Articles by Matt Butler
Here’s something I didn’t expect: mindful doom. It is not a genre normally concerned with the lightness of being but Garganjua give us something new – and still crushingly heavy.
Massive slabs of fuzz with reassuring melancholy, which tugs at your innards, and a heap of gorgeous melody.
Essential boulder of doom that boasts far more variety, tonal variation and emotion than seems possible from two people.
The riffs are thunderous, the tone is thicker than a castle wall and the twin vocal assault of roars and barks give an air of malevolence that make you wary of playing the album in an empty house.
Monolord have outdone themselves here. They stand in mirrored sunglasses, flared jeans and Satanic Feminist T-shirts astride the roof of the doom world.
Turns out Steve Davis is not only good at snooker. He and his two collaborators Kavus Torabi and Michael York got together to jam and the result is a woozy, cosmic testament to the benefits of spontaneity.
When music crafted this well is paired with heart-on-sleeve reflections of a man contemplating his own mortality… well, then we have some magic.
Name me a fan of heavy music over 35 that hasn’t drank more than necessary while listening to Anthrax’s Persistence of Time. War Curse rekindle the joy from that golden age of thrash.
Premiere of a huge, slow, affecting song, originally recorded in 2012, from cerebral drone doom duo.
Aephanemer, with their rousing, upbeat take on melodic death metal, remind you of just how much fun this stuff can be
The combination of gorgeous, dreamy melody, angelic vocals, mammoth guitar hooks and a heavy, heavy rhythm section drags out of your core a sense of nostalgia or longing so strong that it almost hurts.
Desecravity do technical death metal as it should be done: dizzyingly, quickly, furiously – but with the musicianship and songwriting to make it monstrously heavy and yet still listenable.
It is difficult to know where to start with a body of work as intimidating and weighty (not to mention heavy) as this. It is phenomenally affecting and the title alone makes the listener think about the gradual destruction that humans are inflicting on the earth.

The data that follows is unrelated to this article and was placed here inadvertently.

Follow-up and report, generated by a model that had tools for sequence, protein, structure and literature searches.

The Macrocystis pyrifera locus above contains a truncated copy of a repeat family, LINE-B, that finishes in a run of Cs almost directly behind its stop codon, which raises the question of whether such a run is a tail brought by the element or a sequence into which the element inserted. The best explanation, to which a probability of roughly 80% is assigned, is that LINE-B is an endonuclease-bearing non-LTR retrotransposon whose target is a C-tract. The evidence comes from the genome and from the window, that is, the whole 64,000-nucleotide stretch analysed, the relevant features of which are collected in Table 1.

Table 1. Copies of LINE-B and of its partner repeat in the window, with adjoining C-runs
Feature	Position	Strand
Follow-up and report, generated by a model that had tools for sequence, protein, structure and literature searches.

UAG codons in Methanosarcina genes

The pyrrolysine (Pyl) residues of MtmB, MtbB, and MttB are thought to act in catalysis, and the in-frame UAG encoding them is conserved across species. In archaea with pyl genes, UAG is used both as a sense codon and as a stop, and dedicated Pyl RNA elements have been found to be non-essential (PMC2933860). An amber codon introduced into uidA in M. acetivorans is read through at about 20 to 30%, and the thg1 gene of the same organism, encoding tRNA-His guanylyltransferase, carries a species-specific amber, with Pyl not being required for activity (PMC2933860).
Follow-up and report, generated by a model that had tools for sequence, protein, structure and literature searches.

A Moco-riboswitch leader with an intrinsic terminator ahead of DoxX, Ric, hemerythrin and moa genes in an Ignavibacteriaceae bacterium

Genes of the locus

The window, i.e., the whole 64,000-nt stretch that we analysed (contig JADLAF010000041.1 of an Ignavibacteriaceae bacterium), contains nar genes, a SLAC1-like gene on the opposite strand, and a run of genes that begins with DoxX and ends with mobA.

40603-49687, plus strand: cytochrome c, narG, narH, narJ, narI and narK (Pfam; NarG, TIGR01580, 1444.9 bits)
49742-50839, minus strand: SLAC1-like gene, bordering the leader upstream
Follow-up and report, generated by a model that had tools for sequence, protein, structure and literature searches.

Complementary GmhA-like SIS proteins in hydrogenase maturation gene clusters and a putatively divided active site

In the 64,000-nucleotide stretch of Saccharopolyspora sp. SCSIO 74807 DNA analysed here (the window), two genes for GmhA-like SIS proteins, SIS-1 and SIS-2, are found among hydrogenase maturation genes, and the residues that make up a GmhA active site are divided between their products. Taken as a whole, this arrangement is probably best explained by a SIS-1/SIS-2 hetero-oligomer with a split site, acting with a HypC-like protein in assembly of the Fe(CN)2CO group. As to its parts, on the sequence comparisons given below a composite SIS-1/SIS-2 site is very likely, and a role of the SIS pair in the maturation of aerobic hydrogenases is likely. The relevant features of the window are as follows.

You hear these epic, operatic choruses and you swear that you can flex your magically enormous biceps and real lightning will actually shoot out of your fingertips.
OHHMS are are like nothing on earth; huge, unnerving and loud. But this album, with biting, powerful lyrics concerned with animal rights, is a triumph.
A refreshed, revitalised Soulfly give the people what they want in Max Cavalera’s best release in ages.
An album of riffs which are massive and majestic, at once conjuring mental images of barren space-scapes and a big-sky desert wilderness.
In these times of deep division between the entitled and the rest of us, of walls growing between races, genders, neighbourhoods and nations, this fantastic version of Pink Floyd’s classic encapsulates people’s fears and anger.
It is worrying when a band say they want to confound expectations. But after All Them Witches’ sprawling previous album, this is probably a natural reaction for the band – to dial things back a little.
Krisiun are back to their blisteringly fast signature sound and it is a good thing.
The gargantuan riffs, the cavernous drums, the ominous tone of the guitar and bass – not to mention the dry rasp of the vocals – send this album way past brooding, miles on from sullen, beyond malevolent and to the border of bloody terrifying.